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    05 April 2009

    [BUSINESS]Trade Gap Probably Held at Six-Year Low: U.S. Economy Preview

    The U.S. trade gap in February probably held at a six-year low as the worst global slump since World War II caused exports and imports to collapse, economists said ahead of a government report this week.

    A deficit of $36 billion, the same as in January, is the median estimate of economists surveyed by Bloomberg News before the Commerce Department’s April 9 report. Other figures the same day may show the cost of imported goods increased in March for the first time in eight months as fuel prices rebounded.

    Flagging sales overseas will keep depressing U .S. economic growth as manufacturers, already in a yearlong freefall, cut payrolls, output and inventories. The gloomy outlook prompted world leaders, meeting in London last week, to pledge more than $1 trillion to stem the slump in world trade .

    “The combination of a global recession and the global credit crunch are causing worldwide trade to dry up,” said Jay Bryson, a global economist at Wachovia Corp. in Charlotte, North Carolina. “The worst part for the trade deficit will be here in the first half of the year.”

    While consumer spending has shown signs of stabilizing this year after plunging in the last six months of 2008, the improvements may not be enough to lead to a pickup in import purchases, economists said.

    Any gain would probably be caused by the rebound in fuel costs. The price of crude oil on the New York Mercantile Exchange averaged $48.11 a barrel in March, up from $39.26 the month before.

    Prices Up

    Rising oil probably contributed to a projected 0.9 percent gain in the cost of imported goods, the first increase since July, according to the survey median ahead of a Labor Department report on April 9.

    Forecasts are calling for a decline in global trade , sapping overseas demand for American-made goods. The World Bank last month projected trade will fall 6.1 percent worldwide. Earlier in March the World Trade Organization predicted a 9 percent drop.

    Another report from Commerce this week is likely to show inventories at U .S. wholesalers fell in February for a sixth straight month, indicating companies may trim orders going into the second quarter.

    Weak sales are contributing to job cuts as firms rein in labor costs to weather the recession, now in its second year. Employers cut 663,000 workers from payrolls in March, and the jobless rate surged to 8.5 percent, the highest level in more than a quarter century, the Labor Department reported last week.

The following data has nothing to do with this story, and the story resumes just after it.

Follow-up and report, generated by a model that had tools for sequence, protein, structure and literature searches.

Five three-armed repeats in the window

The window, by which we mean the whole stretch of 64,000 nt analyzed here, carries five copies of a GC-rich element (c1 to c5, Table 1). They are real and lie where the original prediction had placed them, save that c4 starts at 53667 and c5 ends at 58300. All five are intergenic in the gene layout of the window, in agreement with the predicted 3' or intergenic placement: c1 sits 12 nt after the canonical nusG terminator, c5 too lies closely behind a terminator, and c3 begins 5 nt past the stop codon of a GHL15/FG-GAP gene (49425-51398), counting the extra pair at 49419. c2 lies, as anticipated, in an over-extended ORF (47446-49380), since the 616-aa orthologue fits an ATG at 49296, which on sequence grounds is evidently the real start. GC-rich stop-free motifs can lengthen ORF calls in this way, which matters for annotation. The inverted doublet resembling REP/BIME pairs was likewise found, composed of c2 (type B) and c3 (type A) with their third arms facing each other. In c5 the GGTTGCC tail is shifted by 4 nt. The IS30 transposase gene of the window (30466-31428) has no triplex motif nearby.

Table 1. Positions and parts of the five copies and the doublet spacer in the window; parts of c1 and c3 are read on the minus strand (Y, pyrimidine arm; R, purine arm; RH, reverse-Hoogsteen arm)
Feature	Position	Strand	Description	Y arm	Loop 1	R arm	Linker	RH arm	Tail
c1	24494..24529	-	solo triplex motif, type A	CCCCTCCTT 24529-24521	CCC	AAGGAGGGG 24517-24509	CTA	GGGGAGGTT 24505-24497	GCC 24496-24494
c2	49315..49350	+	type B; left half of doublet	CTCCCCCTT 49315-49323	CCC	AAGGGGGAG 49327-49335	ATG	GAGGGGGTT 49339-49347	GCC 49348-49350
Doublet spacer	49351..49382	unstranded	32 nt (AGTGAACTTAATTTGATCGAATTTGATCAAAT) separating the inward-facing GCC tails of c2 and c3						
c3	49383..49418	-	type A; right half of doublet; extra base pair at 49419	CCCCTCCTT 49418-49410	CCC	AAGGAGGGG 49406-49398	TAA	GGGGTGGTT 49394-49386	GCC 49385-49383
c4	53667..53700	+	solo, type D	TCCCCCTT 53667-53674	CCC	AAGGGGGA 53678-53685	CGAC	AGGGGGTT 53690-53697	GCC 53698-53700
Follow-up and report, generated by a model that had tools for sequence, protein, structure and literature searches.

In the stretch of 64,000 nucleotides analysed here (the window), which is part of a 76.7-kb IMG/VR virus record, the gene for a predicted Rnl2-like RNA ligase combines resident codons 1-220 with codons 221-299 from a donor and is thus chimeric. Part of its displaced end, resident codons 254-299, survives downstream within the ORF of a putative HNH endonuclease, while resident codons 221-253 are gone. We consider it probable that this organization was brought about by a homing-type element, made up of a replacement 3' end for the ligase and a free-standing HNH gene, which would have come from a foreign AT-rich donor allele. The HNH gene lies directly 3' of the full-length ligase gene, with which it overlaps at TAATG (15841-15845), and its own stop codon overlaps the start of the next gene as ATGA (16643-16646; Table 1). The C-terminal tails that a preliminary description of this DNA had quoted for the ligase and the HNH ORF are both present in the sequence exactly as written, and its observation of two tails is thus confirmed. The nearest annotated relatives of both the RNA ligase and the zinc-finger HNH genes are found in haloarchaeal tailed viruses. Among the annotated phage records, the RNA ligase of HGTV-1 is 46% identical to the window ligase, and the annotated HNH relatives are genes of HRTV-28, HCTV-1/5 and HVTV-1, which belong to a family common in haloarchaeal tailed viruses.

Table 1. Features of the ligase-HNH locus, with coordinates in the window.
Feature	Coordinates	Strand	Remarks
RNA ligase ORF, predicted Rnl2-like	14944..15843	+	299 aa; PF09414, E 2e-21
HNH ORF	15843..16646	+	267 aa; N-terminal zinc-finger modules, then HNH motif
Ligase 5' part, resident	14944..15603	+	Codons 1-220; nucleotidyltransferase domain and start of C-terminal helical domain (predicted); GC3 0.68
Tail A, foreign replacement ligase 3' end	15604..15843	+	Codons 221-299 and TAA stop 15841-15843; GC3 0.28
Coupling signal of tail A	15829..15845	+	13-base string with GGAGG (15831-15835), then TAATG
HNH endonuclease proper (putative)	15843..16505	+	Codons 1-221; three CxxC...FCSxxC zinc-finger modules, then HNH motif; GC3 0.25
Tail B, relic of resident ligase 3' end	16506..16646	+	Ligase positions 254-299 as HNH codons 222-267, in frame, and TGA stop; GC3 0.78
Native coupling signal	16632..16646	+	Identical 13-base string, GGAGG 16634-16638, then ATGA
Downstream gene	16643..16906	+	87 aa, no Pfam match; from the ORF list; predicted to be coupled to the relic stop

FedEx Corp., the second-largest U .S. package-shipping company, said last week it is eliminating 1,000 jobs as part of a plan to save $1 billion as sales drop.

    The “global economic reality” made the job cuts “unavoidable,” Maury Lane, a FedEx spokesman, said in an April 3 telephone interview.

    [BUSINESS]HSBC Shareholders Take Up 97% of Stock in Rights Sale

    HSBC Holdings Plc, Europe’s biggest bank, said investors ordered 97 percent of the shares in its 12.5 billion-pound ($18.5 billion) rights offer.

    HSBC sold the shares to existing investors for 254 pence each, 41 percent less than the close on April 3 in London. The sale was the U.K.’s biggest ever rights offer.

    “As a result of the rights issue, HSBC is well-positioned for the uncertain economic environment and for growth opportunities,” HSBC said in an e-mailed statement today.

    HSBC will use the money to increase capital and finance acquisitions that fit with the company’s strategy of expansion in emerging markets. The bank is closing consumer finance operations in the U.S., the biggest source of the bad loans that forced HSBC to take $53 billion of provisions over three years.

    The stock sale lifts London-based HSBC’s tier 1 capital ratio to 9.8 percent from 8.3 percent, HSBC said. The bank targets a range of 7.5 percent to 10 percent.

    Goldman Sachs Group Inc. and JPMorgan Chase & Co. were lead underwriters for the share sale. BNP Paribas SA, Credit Suisse Group AG, Royal Bank of Scotland Group Plc, Citigroup Inc., Societe Generale SA, Intesa Sanpaolo SpA, Nomura and ING Groep NV, also underwrote the offering, according to a note sent to clients and obtained by Bloomberg.

    Billionaire Li Ka-shing and a group of Hong Kong investors are underwriting at least $1.1 billion of the offering, which closed at 11 a.m. on April 3 in London.

    HSBC said it met with more than 350 institutional investors to promote the sale.

    MGM Mirage Said to Hire Morgan Stanley to Evaluate Casino Bids

    MGM Mirage has hired investment bank Morgan Stanley to evaluate bids for regional casinos in Michigan and Mississippi, a person close to the gaming company said.

    Potential buyers have expressed interest in combinations of the assets, said the person, who declined to be named yesterday because the discussions are private. Las Vegas-based MGM Mirage owns the MGM Grand Detroit, the Beau Rivage in Biloxi and the Gold Strike in Tunica.

    Property sales would help lower debt and could aid MGM Mirage in finding a broader solution to issues that weigh on the company and its CityCenter joint venture on the Las Vegas Strip. Partner Dubai World has sued and asked to be relieved of its funding obligations, a move that threatens to throw the unfinished project into bankruptcy. MGM Mirage also risks default on its $7 billion senior credit facility.

    Morgan Stanley spokesman Mark Lake didn’t return voice and e-mail messages left outside of business hours yesterday.

    MGM Mirage , controlled by 91-year-old Kirk Kerkorian, is working to come up with a long-term plan to fund CityCenter by April 13. The project’s banks waived defaults for two weeks on the senior secured credit facility after MGM Mirage made a $200 million construction payment on March 27 that covered Dubai World’s half.

    Los Angeles-based buyout firm Colony Capital LLC has held discussions with MGM Mirage and Dubai World that include a possible investment in CityCenter, a person familiar with the discussihons said on April 1.